Thursday, February 23, 2006

India and the Bomb

An essay by Amartya Sen after the May 1998 nuclear tests conducted by India and soon followed by tests by Pakistan, INDIA AND THE BOMB
As Praful Bidwai and Achin Vanaik put it in their well-researche d and well-argued book, "The most ardent advocates of nuclear weapons have constantly sought to invest these weapons with a religious-like authority and importance - to emphasise the awe and wonder rather than the revulsion and horror - to give them an a ccepted and respectable place in the mass popular culture of our times."

As far as India is concerned, the two policies - of nuclear abstinence and demanding a change of world order - can be pursued simultaneously. Nuclear restraint strengthens rather than weakens India's voice. To demand that the Comprehensive Test Ban Treat y be redefined to include a dated programme of denuclearisation may well be among the discussable alternatives. But making nuclear bombs, not to mention deploying them, and spending scarce resource on missiles and what is euphemistically called "delivery ", can hardly be seen as sensible policy. The claim that subcontinental nuclearisation would somehow help to bring about world nuclear disarmament is a wild dream that can only precede a nightmare.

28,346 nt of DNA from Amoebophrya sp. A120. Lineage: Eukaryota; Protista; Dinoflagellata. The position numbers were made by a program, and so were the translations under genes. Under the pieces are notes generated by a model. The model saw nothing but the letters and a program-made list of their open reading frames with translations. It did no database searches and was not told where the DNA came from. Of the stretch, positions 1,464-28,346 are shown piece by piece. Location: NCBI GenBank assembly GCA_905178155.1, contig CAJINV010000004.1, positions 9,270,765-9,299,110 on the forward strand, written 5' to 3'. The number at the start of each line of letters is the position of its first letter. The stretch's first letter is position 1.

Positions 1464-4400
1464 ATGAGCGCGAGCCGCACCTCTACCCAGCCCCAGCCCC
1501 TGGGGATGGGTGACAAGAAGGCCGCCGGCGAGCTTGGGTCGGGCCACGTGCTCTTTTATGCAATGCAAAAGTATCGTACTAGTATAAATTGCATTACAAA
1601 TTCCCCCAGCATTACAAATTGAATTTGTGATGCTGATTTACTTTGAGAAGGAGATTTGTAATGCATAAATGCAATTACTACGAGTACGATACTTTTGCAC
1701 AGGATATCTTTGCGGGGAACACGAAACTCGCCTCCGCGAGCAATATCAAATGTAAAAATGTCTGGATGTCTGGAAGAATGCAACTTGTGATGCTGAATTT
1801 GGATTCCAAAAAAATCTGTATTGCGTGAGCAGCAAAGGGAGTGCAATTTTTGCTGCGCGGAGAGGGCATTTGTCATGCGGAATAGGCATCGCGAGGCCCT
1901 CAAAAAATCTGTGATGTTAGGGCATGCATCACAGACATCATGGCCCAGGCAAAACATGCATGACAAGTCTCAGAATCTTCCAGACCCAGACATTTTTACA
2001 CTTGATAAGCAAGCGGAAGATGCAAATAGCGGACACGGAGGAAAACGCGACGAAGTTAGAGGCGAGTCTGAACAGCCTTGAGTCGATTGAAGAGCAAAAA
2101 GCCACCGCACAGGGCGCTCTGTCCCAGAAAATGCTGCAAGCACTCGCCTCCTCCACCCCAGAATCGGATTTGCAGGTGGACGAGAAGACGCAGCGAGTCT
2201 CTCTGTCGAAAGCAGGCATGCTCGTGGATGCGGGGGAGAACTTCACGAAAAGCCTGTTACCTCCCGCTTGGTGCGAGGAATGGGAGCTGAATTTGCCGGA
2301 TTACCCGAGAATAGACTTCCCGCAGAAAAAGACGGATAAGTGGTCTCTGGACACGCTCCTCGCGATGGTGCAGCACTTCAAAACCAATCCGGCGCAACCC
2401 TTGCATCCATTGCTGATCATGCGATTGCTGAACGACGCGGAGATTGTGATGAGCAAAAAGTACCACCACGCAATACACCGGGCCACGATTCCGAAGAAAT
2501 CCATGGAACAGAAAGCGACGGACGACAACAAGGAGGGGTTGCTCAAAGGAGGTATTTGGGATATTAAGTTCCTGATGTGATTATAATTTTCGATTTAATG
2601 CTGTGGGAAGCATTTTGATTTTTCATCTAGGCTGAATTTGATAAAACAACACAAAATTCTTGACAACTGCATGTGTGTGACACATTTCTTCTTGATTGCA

Also, the encouragement of across-border terrorism, which India accuses Pakistan of, is likely to be dampened rather than encouraged by Pakistan's economic prosperity and civili an politics. It is particularly important in this context to point to the dangerousness of the argument, often heard in India, that the burden of public expenditure would be more unbearable for Pakistan, given its smaller size and relatively stagnant eco nomy, than it is for India. This may well be the case, but the penalty that can visit India from an impoverished and desperate Pakistan in the present situation of increased insecurity is hard to contemplate. Enhancement of Pakistan's stability and well- being has prudential importance for India, in addition to its obvious ethical significance.

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